Simonez didn’t like the look of the crew that came in through his shop’s back door. The twins came first, a burly pair of brutes with maybe a dozen teeth between them in their thick, blocky heads. Next came the obvious leader, a shifty weasel of a man who ran his eyes hungrily over ever item in Simonez’s stock room. Last came a man and a woman, an eerie pair in heavy cloaks who seemed somehow both learned and naive—but they both moved like predatory cats, ready to pounce at the first sign of trouble.
“Rufello, I presume,” Simonez said, his throat dry. “Had I known you were bringing a menagerie I would’ve set the table for dinner.”
The little weasel wandered over toward a shelf laden with cans of nails and a few old boxes of bolts used in certain types of wagon wheels. He picked up one of the nails with a silk kerchief and eyed it disdainfully. “One must be careful when trading with new partners,” the little man rasped. He dropped the nail back into the wrong can.
“Then let’s make this transaction quick and to-the-point,” Simonez replied, biting back his annoyance. “Did you bring it?”
Rufello briefly played with the jade earring that marked him as an experienced trader in Terre Haute. A journeyman, but not a master. He quickly unsnapped the gold clasps holding his jui leather coat shut and pulled the left side open. Hanging inside his jacket was an ancient ceramic tile streaked blue and black in a pattern vaguely reminiscent of some great beast’s eye. The great orb in the center was a glittering diamond the size of a man’s thumb.
Simonez bit down on his tongue to stifle a smile. That was it, all right, the last piece of the great fresco of Guil Kandhar’s Hall of Epiphany. Legend spoke of a trio of brothers that first found the ruins of the mah’saiid empire’s third greatest city. Time and the jungle and the great unknown disaster of the Purahd had reduced Guil Kandhar to a useless pile of rock and wood and metal, but the Hall of Epiphany somehow still stood, mostly untouched. In its great hall hung a beautiful piece of ceramic work, a fresco built of over a hundred different tiles inlaid with all manner of gold and gemstones and precious metals. The brothers spent the next five years prying the tiles off the wall one-by-one. Each brother took an even share, with the oldest taking the one extra. The plan was to bring the tiles back to Priyati and find a jeweler who could extract the valuable bits—but no one to whom they brought the tiles could figure out how to do so. Neither heat nor cold nor applied force could prize the jewels and metals from the underlying ceramic. Knowing they were defeated, the brothers began to sell the tiles whole, and they were scattered to the winds over time.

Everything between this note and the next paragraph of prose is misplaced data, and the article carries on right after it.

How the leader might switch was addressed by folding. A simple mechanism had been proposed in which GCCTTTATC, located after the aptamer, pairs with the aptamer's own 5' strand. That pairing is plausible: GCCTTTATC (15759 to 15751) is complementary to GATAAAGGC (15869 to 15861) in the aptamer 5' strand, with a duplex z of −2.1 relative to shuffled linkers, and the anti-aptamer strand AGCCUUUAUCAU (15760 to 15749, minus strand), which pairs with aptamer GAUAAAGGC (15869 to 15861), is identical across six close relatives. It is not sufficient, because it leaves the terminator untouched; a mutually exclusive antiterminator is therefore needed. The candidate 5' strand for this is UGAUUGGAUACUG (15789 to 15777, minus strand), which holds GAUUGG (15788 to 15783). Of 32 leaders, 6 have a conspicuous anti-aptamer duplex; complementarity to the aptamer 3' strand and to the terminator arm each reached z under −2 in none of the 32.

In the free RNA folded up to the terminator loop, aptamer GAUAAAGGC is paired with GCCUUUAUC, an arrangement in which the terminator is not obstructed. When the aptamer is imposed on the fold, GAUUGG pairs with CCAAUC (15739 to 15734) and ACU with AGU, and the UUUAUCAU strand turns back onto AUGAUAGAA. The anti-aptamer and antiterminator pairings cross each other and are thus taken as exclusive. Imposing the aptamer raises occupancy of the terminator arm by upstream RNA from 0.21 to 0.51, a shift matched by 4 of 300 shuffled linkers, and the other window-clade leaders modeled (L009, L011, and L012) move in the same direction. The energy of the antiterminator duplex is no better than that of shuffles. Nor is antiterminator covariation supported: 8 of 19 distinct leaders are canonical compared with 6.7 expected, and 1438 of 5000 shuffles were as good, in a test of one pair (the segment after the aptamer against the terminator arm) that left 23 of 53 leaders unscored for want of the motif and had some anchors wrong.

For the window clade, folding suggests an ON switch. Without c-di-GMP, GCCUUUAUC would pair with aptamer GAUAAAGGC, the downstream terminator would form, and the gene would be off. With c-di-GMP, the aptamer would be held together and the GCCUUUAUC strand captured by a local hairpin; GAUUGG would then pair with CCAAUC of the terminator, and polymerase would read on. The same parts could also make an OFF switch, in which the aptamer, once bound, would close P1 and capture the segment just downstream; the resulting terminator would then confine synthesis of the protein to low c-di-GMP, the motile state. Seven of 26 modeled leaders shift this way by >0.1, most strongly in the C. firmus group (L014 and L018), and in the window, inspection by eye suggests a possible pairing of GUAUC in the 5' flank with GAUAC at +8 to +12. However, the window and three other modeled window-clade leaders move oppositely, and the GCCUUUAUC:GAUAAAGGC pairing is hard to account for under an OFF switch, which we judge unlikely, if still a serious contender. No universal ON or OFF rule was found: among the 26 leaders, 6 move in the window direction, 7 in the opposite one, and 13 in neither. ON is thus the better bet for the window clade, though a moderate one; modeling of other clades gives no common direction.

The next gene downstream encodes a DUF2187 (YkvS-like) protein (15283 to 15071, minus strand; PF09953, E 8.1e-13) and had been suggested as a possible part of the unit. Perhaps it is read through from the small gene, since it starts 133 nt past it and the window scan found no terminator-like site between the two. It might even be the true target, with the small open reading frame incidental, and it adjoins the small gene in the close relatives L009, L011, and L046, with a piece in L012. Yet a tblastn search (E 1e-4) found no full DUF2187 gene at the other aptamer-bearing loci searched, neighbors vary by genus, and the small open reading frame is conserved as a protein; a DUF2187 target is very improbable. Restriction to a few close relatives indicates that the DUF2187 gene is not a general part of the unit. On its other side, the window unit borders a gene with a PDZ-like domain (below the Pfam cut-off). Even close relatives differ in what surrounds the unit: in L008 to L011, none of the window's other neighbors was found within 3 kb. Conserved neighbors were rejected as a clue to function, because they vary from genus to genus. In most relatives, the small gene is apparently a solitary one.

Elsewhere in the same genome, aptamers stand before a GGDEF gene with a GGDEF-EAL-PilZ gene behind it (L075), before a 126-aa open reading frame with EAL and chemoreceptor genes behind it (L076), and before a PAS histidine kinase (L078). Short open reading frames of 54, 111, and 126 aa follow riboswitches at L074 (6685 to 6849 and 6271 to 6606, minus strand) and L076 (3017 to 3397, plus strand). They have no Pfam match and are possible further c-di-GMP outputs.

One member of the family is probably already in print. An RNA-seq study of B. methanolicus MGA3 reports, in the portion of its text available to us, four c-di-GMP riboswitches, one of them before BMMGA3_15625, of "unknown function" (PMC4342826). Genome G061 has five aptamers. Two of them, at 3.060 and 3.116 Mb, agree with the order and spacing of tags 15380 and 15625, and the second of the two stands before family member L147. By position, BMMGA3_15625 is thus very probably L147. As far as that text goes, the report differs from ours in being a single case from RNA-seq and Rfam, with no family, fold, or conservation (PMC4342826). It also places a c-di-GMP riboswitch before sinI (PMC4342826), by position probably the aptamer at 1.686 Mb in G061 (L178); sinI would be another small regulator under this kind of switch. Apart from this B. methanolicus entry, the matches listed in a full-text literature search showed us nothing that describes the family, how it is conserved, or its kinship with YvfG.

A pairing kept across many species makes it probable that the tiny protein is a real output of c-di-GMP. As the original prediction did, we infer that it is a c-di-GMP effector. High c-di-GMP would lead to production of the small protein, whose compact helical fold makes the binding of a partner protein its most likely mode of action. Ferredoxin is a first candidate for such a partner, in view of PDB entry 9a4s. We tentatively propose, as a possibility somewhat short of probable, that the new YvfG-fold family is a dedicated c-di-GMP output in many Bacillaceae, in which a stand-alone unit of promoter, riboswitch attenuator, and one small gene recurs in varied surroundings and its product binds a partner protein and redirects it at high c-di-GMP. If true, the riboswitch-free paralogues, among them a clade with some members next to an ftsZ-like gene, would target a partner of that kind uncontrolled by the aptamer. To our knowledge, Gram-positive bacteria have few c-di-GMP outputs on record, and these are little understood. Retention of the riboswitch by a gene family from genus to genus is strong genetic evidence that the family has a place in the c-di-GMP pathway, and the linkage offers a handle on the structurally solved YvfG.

But Simonez knew of a family that had spent generations piecing the entire fresco back together one tile at a time. And now they were missing only one. Normally Simonez was content to deal in the sundries and supplies the local relic hunters needed to travel the jungle, leaving the adventuring and the legend chasing to the young and the foolish. But when he’d caught wind of Rufello’s find, he saw an opportunity he couldn’t dare pass up.
“Put in on the scale behind you,” he instructed. Rufello shrugged, gripped the tile with his kerchief, and set the tile on the clear plate. The scale tilted once, twice, three times…and then leveled out at the weight Simonez had left on the other side. Rufello’s tile was the real thing; somehow, despite the differences in the materials laid into the tiles, each had the exact same mass.
Simonez reached into his vest to retrieve a hefty purse bulging with coins. “One thousand Imperial luma.” He flipped one of the gold coins to Rufello for inspection. The weasel didn’t move to catch it, letting it bounce off his chest and clatter to the floor.
“I’m perturbed by a curious thought, Simonez,” he said slowly, tapping his pointed chin. “I find myself wondering why a simple shop keeper is so interested in the family good luck charm.”
Simonez hadn’t prepared for this. He’d been counting on Rufello’s reputation as a greedy bastard to get this deal off smoothly, especially with the exchange rate on luma at an all-time high and climbing daily as Pileaus solidified his hold on the north.
His hesitation wasn’t lost on Rufello. “You’re not normally a relic dealer; all this crap makes that clear enough. And I know you’re not a collector because I broke into your apartment while you were out yesterday to check. So that means one thing: you’re a middleman, and that little pile of coins is just a fraction of what you can actually get for the tile.”
“My purpose is of no consequence. The price I’m offering is more than fair.”
“Who’s the buyer?”
“Take it or leave it.”
Rufello shook his weaselly little head. “Boys…”